The mayor of London’s calls for the government to hand him rent-capping powers in the capital have been dismissed as “deluded” by the lettings sector.

In a report titled Reforming Private Renting: The Mayor of London’s Blueprint, Sadiq Khan argued the need of rent control in the capital was “overwhelming” and that the high cost of renting meant tenants in London were in need of help until more homes were built to ensure long-term affordability.

But critics claimed Khan’s proposals would have a negative long-term impact on the quality of housing, while the government said rent controls could drive away responsible landlords and “ultimately push rents up”.

Average monthly private rents in London have increased by 35% from £1,095 in 2011 to £1,473 in 2018, according to data from the Valuation Office Agency.

The latest English Housing Survey found private renters in the city spent 42% of their household income on rent, compared with 30% by those in other parts of England.

The Labour mayor said: “If our proposals were implemented, we could fundamentally rebalance London’s private rented sector – making it fit for purpose through a new approach that is long overdue.”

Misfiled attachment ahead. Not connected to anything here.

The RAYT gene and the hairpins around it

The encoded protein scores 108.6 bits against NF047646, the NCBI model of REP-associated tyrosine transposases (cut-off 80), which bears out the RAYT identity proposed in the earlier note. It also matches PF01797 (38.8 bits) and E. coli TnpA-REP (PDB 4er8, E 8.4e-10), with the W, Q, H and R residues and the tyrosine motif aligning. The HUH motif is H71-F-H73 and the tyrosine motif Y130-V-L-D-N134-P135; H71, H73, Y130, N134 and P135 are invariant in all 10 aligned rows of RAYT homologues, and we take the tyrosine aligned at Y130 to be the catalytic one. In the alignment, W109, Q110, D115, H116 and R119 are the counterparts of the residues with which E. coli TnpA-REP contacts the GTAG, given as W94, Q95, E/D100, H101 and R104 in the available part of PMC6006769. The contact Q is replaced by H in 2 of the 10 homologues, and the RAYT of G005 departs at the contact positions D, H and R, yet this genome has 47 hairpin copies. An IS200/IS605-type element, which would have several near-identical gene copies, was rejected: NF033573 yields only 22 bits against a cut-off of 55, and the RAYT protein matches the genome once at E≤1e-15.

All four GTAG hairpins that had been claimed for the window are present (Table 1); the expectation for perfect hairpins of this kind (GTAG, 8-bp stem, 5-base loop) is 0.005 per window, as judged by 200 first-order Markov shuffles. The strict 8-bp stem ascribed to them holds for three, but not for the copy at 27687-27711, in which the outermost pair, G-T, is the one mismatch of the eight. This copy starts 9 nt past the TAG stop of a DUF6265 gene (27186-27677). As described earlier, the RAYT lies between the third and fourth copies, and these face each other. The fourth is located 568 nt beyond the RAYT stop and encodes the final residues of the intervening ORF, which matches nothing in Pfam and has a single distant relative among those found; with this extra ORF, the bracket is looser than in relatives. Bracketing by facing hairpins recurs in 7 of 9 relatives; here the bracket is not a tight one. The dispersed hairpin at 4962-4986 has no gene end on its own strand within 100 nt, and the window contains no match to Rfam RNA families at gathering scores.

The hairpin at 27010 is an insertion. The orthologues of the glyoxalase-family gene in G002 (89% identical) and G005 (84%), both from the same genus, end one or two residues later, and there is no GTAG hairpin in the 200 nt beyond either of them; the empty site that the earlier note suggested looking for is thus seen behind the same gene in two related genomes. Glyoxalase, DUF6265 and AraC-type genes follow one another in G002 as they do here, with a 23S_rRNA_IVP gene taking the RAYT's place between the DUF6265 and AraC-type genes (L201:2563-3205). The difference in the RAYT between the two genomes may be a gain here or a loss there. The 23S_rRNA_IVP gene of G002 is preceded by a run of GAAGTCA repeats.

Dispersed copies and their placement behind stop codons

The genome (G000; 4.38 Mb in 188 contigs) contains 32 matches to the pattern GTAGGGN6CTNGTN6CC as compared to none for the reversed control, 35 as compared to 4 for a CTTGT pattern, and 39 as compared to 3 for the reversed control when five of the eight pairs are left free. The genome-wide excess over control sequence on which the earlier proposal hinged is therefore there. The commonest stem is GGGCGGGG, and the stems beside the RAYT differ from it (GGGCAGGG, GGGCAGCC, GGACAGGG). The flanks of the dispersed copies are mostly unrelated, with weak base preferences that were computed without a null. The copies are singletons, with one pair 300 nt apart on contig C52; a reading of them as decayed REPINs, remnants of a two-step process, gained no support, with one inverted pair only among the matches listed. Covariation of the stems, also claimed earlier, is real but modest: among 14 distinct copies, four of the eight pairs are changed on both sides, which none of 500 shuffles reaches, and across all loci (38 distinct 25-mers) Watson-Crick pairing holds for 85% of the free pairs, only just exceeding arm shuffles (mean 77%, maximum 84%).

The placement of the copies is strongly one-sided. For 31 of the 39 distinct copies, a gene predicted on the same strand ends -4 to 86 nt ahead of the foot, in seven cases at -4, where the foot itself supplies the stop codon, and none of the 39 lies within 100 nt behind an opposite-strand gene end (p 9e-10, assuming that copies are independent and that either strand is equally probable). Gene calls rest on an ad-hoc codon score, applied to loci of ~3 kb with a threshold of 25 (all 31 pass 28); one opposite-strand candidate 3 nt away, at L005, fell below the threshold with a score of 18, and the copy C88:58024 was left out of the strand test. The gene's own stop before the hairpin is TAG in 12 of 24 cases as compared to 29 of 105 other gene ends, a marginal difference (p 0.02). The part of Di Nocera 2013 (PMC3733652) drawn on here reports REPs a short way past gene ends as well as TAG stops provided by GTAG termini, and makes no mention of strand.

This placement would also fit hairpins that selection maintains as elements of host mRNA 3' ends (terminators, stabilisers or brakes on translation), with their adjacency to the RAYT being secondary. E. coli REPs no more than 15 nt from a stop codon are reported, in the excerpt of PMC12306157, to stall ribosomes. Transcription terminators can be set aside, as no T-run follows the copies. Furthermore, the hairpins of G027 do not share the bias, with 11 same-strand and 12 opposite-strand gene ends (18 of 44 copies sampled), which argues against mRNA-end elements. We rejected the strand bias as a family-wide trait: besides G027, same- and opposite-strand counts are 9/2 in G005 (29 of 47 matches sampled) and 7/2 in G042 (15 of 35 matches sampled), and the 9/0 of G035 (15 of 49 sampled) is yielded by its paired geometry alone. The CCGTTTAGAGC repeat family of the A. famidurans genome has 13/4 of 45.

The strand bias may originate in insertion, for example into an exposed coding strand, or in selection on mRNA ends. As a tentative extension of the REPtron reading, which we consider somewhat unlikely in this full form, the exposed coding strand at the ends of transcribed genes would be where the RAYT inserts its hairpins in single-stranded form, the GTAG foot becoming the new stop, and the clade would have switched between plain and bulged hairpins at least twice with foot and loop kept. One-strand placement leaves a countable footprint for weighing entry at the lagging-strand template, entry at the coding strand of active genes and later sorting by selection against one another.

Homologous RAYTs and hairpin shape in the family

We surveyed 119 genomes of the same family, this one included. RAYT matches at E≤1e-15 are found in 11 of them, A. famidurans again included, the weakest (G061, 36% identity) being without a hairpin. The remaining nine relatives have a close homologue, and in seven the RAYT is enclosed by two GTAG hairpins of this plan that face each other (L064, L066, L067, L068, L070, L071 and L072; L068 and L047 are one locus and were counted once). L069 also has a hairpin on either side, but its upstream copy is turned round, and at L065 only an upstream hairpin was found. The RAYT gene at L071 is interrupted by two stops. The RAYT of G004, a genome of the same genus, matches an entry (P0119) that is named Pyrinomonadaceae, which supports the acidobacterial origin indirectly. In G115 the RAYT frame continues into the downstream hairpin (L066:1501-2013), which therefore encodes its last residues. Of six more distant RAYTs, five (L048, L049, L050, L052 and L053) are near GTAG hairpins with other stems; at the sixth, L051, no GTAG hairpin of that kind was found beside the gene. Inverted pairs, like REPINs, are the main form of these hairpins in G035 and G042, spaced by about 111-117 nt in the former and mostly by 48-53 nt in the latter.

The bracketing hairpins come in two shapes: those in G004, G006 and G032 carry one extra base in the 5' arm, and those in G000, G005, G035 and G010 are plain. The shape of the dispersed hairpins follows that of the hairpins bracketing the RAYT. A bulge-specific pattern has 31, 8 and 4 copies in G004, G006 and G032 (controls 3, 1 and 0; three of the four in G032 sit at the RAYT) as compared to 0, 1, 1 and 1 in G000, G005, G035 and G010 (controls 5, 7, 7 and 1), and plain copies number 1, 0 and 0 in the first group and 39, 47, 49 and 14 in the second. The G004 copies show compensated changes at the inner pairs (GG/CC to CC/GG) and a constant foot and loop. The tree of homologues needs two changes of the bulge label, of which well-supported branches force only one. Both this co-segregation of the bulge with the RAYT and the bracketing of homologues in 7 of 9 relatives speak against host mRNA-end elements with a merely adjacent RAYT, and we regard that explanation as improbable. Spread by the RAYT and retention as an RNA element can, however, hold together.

But Jonathan Cribb, senior research economist at the Institute for Fiscal Studies, said rent controls could have a negative impact on the quality of rented housing as landlords look for ways to save money, “and a key way to do that is to not maintain the property,” he said.

Mr Khan’s blueprint recommends the creation of a London Private Rent Commission which would “implement an effective system of rent control” and “encourage investment in new and existing rental housing supply”.

But Chris Norris, director of policy and practice at the National Landlords Association, said incentivising investment and “removing landlords’ control over their own businesses” was a “sure-fire way to scare away new and existing investors”.

“Capping and reducing rents in the way suggested in this manifesto would destroy any prospect landlords have of making a return on investment and lead to a reduction in private rental homes available to the Londoners who need them,” Mr Norris said.

“Although there are some points in this report which the NLA would happily endorse, the mayor’s strategy is at best contradictory and at worst deluded.”

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